In 1966, the Jackson 5 won an important local talent competition with a Michael-led rendition of the Temptations' "My Girl." Their father, who had been chauffeuring them to out-of-state performances, also booked their first paid professional gigs that year. In 1967, the group won an amateur talent competition at Harlem's legendary Apollo Theater, where they earned an influential fan in Gladys Knight (probably the first person to recommend the group to Motown). At the end of the year, the Jackson 5 made their first studio recordings for the small Gary-based Steeltown label, and their single "Big Boy" became something of a local hit. Championed again to Motown by Bobby Taylor, a member of the Vancouvers who'd seen the group in Chicago, and Diana Ross, the Jackson 5 finally got a chance to audition for the label in the summer of 1968. Desperately needing new blood, an impressed Berry Gordy signed the group and flew them out to his new headquarters in Los Angeles, where he and his assistants groomed them to be the label's next breakout stars. Having lost his famed Holland-Dozier-Holland songwriting team, Gordy formed a new partnership with Freddie Perren, Fonce Mizell, and Deke Richards dubbed the Corporation, which set about crafting material for the group.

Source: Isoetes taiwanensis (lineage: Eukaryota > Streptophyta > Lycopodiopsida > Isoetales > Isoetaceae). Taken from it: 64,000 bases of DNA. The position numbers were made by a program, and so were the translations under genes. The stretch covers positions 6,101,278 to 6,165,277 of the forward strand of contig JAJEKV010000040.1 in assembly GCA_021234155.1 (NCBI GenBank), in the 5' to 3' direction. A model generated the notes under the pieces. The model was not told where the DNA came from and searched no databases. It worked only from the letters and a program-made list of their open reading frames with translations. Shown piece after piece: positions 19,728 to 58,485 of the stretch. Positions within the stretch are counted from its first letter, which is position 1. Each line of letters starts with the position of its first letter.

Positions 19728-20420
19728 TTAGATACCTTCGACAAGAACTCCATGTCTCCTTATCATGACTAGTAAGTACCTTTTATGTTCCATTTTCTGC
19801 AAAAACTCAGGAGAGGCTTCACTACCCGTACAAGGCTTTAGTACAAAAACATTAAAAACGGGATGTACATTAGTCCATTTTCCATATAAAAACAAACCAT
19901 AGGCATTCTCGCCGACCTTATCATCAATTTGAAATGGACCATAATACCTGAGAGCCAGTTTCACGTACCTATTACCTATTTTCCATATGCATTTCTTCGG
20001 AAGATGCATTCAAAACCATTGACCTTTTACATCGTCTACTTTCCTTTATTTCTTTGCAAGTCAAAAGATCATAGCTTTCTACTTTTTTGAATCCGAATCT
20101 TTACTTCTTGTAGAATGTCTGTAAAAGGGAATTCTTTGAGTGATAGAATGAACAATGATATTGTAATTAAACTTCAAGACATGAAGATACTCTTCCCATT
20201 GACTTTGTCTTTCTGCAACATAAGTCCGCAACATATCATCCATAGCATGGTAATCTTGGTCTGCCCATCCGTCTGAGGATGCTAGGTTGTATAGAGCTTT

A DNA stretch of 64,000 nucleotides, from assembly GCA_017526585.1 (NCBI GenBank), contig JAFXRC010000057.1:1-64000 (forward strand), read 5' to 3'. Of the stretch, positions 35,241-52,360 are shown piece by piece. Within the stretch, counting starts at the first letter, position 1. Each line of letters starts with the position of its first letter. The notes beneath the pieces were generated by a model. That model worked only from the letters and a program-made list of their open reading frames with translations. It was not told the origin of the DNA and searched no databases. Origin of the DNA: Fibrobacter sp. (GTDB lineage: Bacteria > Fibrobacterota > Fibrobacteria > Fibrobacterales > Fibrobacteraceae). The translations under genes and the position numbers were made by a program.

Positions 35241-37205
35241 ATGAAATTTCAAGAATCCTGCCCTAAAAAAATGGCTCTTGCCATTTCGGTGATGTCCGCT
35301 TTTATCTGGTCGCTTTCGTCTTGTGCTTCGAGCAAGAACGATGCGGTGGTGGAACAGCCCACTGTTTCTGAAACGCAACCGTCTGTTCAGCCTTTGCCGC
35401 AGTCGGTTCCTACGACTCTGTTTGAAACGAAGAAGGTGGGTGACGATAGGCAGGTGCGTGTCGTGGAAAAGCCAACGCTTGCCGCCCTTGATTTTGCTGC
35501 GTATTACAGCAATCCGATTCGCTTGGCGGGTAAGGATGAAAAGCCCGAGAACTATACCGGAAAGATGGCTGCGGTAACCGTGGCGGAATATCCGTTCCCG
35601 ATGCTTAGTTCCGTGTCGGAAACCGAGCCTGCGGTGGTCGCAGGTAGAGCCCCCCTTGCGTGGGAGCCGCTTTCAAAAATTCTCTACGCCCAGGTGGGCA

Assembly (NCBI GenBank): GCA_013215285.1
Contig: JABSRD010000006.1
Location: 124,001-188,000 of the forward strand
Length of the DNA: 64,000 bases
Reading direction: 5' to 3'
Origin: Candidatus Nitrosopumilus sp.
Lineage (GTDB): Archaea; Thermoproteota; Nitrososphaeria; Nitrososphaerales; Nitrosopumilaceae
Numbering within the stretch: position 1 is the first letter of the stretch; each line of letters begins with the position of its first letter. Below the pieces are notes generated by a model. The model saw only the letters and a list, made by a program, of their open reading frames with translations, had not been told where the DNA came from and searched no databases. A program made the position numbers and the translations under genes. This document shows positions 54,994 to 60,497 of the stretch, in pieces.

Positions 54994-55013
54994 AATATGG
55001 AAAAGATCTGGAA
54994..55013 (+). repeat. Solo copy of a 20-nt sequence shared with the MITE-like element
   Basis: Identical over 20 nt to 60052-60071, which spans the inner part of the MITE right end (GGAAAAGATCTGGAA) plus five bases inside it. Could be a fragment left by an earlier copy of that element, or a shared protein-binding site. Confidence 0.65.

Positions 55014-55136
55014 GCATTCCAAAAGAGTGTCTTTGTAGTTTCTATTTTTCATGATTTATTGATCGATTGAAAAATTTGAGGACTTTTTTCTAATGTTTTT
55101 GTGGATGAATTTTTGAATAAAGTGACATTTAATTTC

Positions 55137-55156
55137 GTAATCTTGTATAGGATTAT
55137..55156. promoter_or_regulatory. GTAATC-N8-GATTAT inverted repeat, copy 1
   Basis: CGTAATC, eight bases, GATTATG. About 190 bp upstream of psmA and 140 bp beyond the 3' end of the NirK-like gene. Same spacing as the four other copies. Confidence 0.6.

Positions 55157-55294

In August 1969, shortly before Michael turned 11, the Jackson 5 opened for Diana Ross at the L.A. Forum, and in December, they issued their debut album, Diana Ross Presents the Jackson 5. On October 7, 1969, the Jackson 5 released their first single, "I Want You Back," a Corporation composition that had originally been intended for Gladys Knight. It was an instant smash, hitting number one on both the pop and R&B charts. So did their next two singles, "ABC" and "The Love You Save" (both from their second album, ABC), which solidified the group's so-called bubblegum-soul sound and certified them as pop sensations. Third Album was released before year's end, spawning the hit ballad "I'll Be There," which not only proved that the group (and lead singer Michael) were more mature and versatile than their bright, bouncy initial singles let on, but also made them the first group in pop history to have their first four singles hit number one. It also became the best-selling single in Motown history, spending a stellar five weeks at number one. And it had still been less than a year since the group's national debut.